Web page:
Books: Caliban, Alley, Equilateral

Sep. 19th, 2017 06:47 pm
woodwardiocom: (Default)
[personal profile] woodwardiocom

Caliban's War by James S.A. Corey

Second in the Expanse series, this volume revolves around the crisis on Ganymede, and the associated blue-eyed beastie. Entertaining adventure SF, recommended.

Far-Seer by Robert J. Sawyer

A tale of Galileo, if Galileo was a sentient dinosaur living on the moon of a tidally locked gas giant. Interesting world- and myth-building, recommended.

Winter Witch by Elaine Cunningham

Set in the world of the Pathfinder roleplaying game, this is a light fantasy about a Viking woman, an urban mage, and the icy witch who brings them together. Mildly recommended.

Damnation Alley by Roger Zelazny

Loosely similar to the movie, murderer and rapist Hell Tanner is given a chance at a clean slate if he'll ferry a plague cure across a ravaged America. It's clearly supposed to be some sort of redemption tale, but Zelazny missed the memo that some crimes don't get redemption. I honestly prefer the movie.

Venus Equilateral by George O. Smith

Fixup novel of a series of stories published in the 1940s in Astounding, revolving around a communications relay station and the scientific geniuses therein. The science is advanced and accurate for its era, but has not dated terribly well. (The problems they encounter in communicating with, and locating, spaceships were solved in much simpler ways within the author's lifetime.) By the end, the science has advanced so far that it's almost shifted genres from hard SF to morality play. Mildly recommended.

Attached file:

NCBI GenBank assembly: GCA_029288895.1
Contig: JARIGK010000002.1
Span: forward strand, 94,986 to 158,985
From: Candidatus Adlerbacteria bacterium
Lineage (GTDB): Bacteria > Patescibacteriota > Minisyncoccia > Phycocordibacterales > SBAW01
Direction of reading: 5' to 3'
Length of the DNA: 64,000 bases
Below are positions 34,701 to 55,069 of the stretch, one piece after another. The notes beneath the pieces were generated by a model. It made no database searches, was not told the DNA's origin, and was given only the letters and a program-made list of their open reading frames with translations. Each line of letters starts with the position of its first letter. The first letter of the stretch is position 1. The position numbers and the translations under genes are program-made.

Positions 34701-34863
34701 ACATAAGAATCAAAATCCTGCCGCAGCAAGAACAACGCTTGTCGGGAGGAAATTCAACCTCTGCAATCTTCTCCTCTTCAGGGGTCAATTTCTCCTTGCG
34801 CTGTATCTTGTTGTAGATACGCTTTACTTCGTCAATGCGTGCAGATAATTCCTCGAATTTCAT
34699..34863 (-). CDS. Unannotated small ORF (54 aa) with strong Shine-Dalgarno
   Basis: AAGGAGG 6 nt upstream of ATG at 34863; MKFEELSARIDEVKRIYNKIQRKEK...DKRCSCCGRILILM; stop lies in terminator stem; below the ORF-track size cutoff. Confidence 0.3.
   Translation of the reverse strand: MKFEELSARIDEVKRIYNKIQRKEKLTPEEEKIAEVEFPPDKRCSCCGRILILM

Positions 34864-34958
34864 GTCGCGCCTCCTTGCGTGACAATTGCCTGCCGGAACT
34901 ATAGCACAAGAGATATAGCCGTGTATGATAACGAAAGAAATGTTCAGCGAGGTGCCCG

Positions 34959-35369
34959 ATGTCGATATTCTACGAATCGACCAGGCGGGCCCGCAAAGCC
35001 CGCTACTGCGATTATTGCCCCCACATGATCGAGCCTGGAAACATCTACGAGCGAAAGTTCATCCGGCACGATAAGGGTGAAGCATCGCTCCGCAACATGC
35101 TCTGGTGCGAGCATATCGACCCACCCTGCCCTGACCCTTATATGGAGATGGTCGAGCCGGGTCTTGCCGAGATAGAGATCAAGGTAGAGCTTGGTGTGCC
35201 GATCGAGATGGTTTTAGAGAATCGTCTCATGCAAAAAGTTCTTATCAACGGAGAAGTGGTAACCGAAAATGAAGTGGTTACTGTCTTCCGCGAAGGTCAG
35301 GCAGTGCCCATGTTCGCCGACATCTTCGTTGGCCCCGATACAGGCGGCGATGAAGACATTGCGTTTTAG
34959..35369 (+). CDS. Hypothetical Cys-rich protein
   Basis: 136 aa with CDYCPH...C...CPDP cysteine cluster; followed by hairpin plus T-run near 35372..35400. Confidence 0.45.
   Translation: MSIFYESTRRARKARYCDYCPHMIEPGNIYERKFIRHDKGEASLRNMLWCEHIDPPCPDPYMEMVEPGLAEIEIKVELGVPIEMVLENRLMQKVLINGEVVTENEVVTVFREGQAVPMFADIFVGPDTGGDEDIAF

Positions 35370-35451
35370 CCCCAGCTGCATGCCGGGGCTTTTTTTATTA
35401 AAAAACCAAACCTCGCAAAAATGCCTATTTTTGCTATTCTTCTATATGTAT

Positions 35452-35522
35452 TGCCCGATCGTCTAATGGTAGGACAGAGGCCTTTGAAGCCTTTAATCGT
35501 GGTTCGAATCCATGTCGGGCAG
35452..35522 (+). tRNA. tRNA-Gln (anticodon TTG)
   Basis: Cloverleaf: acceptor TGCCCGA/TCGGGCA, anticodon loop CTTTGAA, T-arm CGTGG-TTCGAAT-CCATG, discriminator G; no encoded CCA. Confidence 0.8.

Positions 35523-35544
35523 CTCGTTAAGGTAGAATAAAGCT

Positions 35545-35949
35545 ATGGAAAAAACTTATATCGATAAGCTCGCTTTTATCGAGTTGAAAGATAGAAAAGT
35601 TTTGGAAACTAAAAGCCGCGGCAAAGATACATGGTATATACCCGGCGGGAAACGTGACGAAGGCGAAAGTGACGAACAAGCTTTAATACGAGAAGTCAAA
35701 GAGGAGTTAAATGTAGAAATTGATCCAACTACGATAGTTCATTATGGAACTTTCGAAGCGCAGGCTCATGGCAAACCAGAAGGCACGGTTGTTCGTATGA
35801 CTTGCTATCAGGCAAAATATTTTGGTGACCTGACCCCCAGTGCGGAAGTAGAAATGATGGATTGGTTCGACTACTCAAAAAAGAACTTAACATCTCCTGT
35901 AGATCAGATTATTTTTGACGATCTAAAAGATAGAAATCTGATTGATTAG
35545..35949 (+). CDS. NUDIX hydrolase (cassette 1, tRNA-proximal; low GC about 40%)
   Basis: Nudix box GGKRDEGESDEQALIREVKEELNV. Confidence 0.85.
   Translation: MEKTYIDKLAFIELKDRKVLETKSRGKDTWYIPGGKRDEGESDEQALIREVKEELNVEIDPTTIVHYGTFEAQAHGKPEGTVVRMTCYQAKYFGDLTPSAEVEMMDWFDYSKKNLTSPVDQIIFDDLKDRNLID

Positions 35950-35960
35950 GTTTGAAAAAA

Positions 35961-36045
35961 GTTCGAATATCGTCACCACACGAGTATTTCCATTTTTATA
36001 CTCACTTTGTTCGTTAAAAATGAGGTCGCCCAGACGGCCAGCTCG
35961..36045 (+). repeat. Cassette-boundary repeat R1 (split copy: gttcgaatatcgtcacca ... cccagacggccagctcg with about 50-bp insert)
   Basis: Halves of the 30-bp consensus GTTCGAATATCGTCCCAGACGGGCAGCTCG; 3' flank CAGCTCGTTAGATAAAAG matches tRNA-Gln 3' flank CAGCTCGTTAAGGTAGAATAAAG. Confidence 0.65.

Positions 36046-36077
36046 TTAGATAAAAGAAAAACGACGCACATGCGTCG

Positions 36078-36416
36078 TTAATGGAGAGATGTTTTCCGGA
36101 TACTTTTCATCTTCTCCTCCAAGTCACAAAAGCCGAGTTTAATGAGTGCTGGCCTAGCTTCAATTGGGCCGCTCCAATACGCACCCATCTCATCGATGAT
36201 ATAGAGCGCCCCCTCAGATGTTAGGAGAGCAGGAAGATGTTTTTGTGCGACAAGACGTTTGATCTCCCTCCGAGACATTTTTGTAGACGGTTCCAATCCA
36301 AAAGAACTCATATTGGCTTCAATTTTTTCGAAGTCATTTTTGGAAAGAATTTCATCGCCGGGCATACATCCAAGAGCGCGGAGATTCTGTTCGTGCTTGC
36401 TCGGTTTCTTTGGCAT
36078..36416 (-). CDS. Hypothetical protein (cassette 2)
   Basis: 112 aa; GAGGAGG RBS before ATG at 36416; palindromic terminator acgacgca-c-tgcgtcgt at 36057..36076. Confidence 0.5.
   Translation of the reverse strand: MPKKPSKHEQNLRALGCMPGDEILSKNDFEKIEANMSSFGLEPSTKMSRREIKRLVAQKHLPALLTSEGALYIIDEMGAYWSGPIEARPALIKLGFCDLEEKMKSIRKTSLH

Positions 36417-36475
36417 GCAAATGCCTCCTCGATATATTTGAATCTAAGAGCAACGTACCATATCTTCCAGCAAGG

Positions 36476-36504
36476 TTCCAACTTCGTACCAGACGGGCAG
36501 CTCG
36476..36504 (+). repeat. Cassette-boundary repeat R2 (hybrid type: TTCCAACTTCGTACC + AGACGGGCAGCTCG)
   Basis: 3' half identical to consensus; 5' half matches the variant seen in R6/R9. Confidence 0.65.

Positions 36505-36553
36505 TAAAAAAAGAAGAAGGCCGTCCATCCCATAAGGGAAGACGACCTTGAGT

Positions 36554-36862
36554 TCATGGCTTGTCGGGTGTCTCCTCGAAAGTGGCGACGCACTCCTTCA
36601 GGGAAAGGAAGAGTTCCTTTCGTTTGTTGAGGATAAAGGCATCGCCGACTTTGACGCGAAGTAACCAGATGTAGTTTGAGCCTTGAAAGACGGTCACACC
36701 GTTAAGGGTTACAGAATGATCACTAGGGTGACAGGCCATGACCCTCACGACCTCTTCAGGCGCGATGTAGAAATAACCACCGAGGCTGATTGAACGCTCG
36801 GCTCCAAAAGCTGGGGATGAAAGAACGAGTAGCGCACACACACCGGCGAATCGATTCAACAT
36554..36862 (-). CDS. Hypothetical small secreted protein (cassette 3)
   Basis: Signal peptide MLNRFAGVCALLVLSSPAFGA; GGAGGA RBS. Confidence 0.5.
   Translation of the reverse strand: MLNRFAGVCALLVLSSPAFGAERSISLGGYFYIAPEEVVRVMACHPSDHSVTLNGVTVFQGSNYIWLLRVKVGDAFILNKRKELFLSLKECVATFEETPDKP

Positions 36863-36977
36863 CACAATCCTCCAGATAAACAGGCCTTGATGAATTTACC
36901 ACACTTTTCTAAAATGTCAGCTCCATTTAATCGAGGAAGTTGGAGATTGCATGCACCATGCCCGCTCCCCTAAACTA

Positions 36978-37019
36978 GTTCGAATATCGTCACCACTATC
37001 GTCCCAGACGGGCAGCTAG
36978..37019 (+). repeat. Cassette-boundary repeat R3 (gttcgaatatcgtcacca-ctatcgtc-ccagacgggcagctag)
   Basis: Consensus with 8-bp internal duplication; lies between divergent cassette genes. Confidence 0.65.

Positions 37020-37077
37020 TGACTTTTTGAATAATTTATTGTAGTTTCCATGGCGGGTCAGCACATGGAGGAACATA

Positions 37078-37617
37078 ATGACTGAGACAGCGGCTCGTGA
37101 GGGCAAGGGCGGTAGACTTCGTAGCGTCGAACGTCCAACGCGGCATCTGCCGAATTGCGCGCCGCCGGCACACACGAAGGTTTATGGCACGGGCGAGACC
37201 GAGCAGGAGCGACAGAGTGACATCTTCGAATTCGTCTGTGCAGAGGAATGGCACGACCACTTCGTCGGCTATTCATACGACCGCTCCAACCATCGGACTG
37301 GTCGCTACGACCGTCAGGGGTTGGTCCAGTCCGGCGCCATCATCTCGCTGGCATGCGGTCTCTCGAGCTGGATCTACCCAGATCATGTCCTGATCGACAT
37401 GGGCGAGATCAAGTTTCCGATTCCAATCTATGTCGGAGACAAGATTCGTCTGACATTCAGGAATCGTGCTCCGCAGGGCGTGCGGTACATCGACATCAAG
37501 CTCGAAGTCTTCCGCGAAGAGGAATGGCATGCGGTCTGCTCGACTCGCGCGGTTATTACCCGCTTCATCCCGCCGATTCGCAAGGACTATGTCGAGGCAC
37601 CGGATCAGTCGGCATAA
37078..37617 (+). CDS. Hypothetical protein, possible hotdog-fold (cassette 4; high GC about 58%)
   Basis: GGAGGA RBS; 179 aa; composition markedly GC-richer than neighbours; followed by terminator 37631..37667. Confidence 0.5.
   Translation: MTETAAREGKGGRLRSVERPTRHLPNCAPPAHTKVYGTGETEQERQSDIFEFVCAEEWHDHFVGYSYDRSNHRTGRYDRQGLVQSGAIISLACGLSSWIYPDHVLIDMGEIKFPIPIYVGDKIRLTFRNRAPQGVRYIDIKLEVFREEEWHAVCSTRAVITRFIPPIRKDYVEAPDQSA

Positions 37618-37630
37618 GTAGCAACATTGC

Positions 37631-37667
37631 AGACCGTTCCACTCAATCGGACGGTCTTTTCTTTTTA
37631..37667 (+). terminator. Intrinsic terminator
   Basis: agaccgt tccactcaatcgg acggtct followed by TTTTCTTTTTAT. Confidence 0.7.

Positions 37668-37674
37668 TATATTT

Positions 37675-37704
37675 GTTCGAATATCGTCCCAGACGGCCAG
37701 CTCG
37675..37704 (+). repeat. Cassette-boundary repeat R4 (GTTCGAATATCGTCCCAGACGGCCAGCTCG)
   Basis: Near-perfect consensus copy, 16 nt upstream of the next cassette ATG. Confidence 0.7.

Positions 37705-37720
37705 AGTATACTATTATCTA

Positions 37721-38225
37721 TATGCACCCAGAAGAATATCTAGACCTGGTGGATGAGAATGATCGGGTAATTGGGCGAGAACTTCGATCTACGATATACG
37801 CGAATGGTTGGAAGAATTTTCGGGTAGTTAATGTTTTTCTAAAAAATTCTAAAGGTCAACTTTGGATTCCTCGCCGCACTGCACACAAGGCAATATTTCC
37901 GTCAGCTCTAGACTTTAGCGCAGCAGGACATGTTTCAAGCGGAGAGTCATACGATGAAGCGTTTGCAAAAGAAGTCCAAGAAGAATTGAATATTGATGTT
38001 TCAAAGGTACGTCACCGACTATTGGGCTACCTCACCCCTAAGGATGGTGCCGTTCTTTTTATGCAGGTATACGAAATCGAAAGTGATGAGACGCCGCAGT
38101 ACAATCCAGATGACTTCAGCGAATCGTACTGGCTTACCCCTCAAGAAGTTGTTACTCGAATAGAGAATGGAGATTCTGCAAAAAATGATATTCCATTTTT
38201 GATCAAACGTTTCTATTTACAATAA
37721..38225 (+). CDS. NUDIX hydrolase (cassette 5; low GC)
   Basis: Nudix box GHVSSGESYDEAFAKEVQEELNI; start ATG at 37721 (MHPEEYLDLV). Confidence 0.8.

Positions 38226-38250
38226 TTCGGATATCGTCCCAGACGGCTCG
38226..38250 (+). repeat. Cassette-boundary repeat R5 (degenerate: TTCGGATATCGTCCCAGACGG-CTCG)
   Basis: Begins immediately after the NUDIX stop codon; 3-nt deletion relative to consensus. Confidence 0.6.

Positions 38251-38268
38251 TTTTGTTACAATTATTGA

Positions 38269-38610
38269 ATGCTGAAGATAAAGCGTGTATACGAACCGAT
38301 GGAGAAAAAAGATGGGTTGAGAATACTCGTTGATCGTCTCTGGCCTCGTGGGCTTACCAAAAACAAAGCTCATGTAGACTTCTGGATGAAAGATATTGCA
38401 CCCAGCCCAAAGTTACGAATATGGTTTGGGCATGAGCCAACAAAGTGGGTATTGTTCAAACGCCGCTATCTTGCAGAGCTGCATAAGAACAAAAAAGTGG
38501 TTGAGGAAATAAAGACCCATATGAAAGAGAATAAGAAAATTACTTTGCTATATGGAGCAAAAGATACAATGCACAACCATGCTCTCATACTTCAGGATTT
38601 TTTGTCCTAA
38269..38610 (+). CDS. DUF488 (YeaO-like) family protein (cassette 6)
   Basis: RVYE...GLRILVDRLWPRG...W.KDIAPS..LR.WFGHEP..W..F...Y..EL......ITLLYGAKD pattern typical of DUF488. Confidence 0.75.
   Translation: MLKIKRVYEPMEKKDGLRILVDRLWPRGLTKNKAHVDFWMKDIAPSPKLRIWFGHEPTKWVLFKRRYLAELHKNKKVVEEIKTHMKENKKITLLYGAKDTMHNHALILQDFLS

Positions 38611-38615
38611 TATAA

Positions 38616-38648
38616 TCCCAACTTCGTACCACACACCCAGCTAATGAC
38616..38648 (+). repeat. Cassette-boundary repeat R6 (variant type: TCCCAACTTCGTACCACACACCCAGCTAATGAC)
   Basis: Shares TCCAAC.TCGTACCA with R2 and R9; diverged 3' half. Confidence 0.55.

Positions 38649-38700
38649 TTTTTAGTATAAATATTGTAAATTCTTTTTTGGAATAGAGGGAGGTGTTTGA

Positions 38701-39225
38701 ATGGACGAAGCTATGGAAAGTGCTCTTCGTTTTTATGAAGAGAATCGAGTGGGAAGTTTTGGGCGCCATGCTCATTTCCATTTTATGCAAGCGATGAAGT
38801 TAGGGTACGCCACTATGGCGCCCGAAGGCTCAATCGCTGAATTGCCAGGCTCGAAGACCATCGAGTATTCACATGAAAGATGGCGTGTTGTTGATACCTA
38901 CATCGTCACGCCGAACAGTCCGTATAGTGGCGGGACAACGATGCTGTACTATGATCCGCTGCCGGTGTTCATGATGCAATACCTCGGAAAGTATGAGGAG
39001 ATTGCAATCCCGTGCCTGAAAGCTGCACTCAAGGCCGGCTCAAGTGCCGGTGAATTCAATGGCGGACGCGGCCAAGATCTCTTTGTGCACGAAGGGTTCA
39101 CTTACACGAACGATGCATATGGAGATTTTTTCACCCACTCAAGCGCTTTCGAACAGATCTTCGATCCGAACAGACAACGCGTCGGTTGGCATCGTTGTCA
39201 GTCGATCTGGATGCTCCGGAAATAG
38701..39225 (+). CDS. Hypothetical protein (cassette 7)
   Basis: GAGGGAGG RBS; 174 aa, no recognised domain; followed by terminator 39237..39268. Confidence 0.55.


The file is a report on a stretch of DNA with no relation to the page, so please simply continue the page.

[personal profile] damarisol
It was dusk as we got tree shrine. I was exhausted from the travel. Eevolertu and Chloe reported back about our trip to take out the shrine, which had turned out to be shrines, both cold and time, taken out by ashes and the bag of light, respectively. We told them of Oreshalore's loss and Woveshancor's injuries. The rest of our party is quiet.

The valley has more popping sounds and smells of chemicals, rather different from when we left.

Marguerite said that they'd reached out to the shrine network and talked about connecting to the gracknel, which caused some of the physical changes. Marguerite had had a vision in many parts. One showed her a memory of a blessed interacting with a guard who keeps her out of the keep he's guarding, because there are far-away guests visiting the young lord and his variant old advisor. She got the impression she could return to the shrine after dark. And then there was a bit some human siblings, after nightfall. And another one where she talked to two old women working on a fractal pattern thing, and they were sort of beetles.

People here were pretty prepared.

Eevolertu and I pretty much fell over to sleep. I made sure I was near Woveshancor, in case his condition changed.
[personal profile] damarisol

[I got 4 hero points.]

Orehalore was dead. I couldn't quite grasp it, but knew I had to help Chloe with Woveshancor if I could. Quintillian was sitting by Oreshalore's head; I said the traditional condolences, then went to Woveshancor. I was able to help.

Eevolertu returned, and talked with Quintillian about Oreshalore's body.

I knew that one of the ways Elix bodies can be released into the trees, letting her bones return to her family. And if a group of Elix went into the trees, it's easier to keep focus.